Fig Sablé Cookie Recipe


Sablé cookies are French-style shortbread sweet treats that are very popular in Bretagne (Northwest part of France). Ideally, I make them with good quality yellow butter from Normandy and a hint of sea salt.

This time, I had a large bag of dried Calimyrna figs and flavored the sandy cookie dough with them. You could use whatever dried fruit you prefer. The cookies are mildly sweet and go wonderful with tea.

1. Info for Fig Sablé Cookie Recipe

  • Cook Time: unavailable
  • Total Time: unavailable
  • Servings: 14
  • Calories: unavailable

2. Ingredients for Fig Sablé Cookie Recipe

  • 1 egg yolk
  • 1 teaspoon pure vanilla extract
  • 2 drops pure almond extract
  • 8 tablespoons unsalted quality butter, at room temperature
  • 1¼ cups all-purpose flour
  • 1½ teaspoons baking powder
  • ⅛ teaspoon sea salt
  • 1¾ ounces almond paste
  • 4 dried Calimyrna figs, stemmed and diced

3. Directions:

  1. Preheat the oven to 375°F.
  2. Making cookie dough:
  3. In a bowl, cream the butter with the sugar. Add the egg yolk, vanilla and almond extracts, flour, baking powder, almond paste and sea salt. Mix until the cookie dough is formed. Add the diced dried figs. Mix until they’re well distributed. Do not over-mix. Store in the refrigerator until ready to bake or you could make them right away.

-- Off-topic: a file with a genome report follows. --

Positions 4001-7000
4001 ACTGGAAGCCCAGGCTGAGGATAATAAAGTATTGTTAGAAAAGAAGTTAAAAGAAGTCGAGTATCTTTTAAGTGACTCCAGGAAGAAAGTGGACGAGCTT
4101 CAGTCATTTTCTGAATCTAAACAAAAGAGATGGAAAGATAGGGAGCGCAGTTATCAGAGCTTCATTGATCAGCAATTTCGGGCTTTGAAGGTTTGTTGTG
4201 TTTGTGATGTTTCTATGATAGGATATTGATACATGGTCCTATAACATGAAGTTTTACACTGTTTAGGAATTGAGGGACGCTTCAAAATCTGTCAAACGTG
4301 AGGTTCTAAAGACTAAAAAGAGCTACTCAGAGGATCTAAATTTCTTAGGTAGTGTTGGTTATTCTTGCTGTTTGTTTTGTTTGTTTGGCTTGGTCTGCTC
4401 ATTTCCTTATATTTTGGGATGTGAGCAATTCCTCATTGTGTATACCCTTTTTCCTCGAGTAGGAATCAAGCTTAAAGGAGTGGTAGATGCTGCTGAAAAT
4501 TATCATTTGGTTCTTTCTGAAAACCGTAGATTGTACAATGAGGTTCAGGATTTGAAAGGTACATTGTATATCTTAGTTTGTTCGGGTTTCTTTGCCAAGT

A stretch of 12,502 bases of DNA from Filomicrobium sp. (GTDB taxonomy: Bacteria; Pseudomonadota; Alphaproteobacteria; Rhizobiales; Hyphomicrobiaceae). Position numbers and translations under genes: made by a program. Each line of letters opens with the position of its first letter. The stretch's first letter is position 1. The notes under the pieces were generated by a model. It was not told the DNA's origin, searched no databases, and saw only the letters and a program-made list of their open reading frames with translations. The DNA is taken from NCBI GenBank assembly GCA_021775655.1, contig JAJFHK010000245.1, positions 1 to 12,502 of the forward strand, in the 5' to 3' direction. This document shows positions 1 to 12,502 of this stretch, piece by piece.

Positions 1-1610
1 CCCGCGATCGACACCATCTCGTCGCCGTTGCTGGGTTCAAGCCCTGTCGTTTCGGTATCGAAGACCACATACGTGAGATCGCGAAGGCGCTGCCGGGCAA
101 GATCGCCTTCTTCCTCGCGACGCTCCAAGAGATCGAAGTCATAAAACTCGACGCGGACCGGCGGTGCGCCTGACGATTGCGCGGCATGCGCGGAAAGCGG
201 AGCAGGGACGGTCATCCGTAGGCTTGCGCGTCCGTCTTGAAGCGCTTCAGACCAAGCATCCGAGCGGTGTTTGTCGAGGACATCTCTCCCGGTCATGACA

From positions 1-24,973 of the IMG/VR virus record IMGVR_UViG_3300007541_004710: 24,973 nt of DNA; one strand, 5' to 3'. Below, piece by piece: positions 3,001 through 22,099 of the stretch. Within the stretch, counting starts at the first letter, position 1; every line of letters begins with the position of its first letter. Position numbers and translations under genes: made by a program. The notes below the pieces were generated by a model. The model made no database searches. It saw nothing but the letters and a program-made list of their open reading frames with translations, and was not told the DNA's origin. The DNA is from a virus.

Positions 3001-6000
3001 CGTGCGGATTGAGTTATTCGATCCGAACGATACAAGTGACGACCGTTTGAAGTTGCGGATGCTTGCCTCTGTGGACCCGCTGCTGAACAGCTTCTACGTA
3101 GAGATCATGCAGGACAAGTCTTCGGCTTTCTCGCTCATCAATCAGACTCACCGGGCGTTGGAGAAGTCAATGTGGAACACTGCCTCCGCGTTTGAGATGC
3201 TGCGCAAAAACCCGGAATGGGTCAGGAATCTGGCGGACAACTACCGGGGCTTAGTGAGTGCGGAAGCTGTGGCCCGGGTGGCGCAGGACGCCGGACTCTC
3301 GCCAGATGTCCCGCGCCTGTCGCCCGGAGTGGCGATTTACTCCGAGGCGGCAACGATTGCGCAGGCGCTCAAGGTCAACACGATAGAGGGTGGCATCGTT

4. Baking the cookies:
  5. Line a baking sheet with a silicone mat or sheet of parchment paper. Roll out the dough (about ½.” thick). Using a 1¾-inch cookie cutter, form 13 cookies and form a last 14 cookie using the scraps of dough. Place them onto the baking sheets. Make sure to space the cookies at least 1½ inches apart so that they don’t touch each other after baking.
  6. Bake the cookies for 10 minutes at 375°F. Open the oven. Rotate the baking sheet. Turn off the heat and let stand for another 2 minutes.
  7. Garnish with dried figs as a reminder of the flavor in the cookies and enjoy with a cup of hot tea.
  8. Bon appétit!

4. Tips and advices:

  • I used Odense brand almond paste. I love it for when I need a shortcut and it produces delicious pastries. But if you have a nut allergy (which is the case for one person in our household), you can omit it and the cookies will still be just as good.
  • You can also store the cookie dough up to 3 months in your freezer for last-minute surprise guests. Simply form the cookies, place onto the baking sheet, then in the freezer until hardened. Transfer to a sealable bag and store in the freezer until ready to bake.

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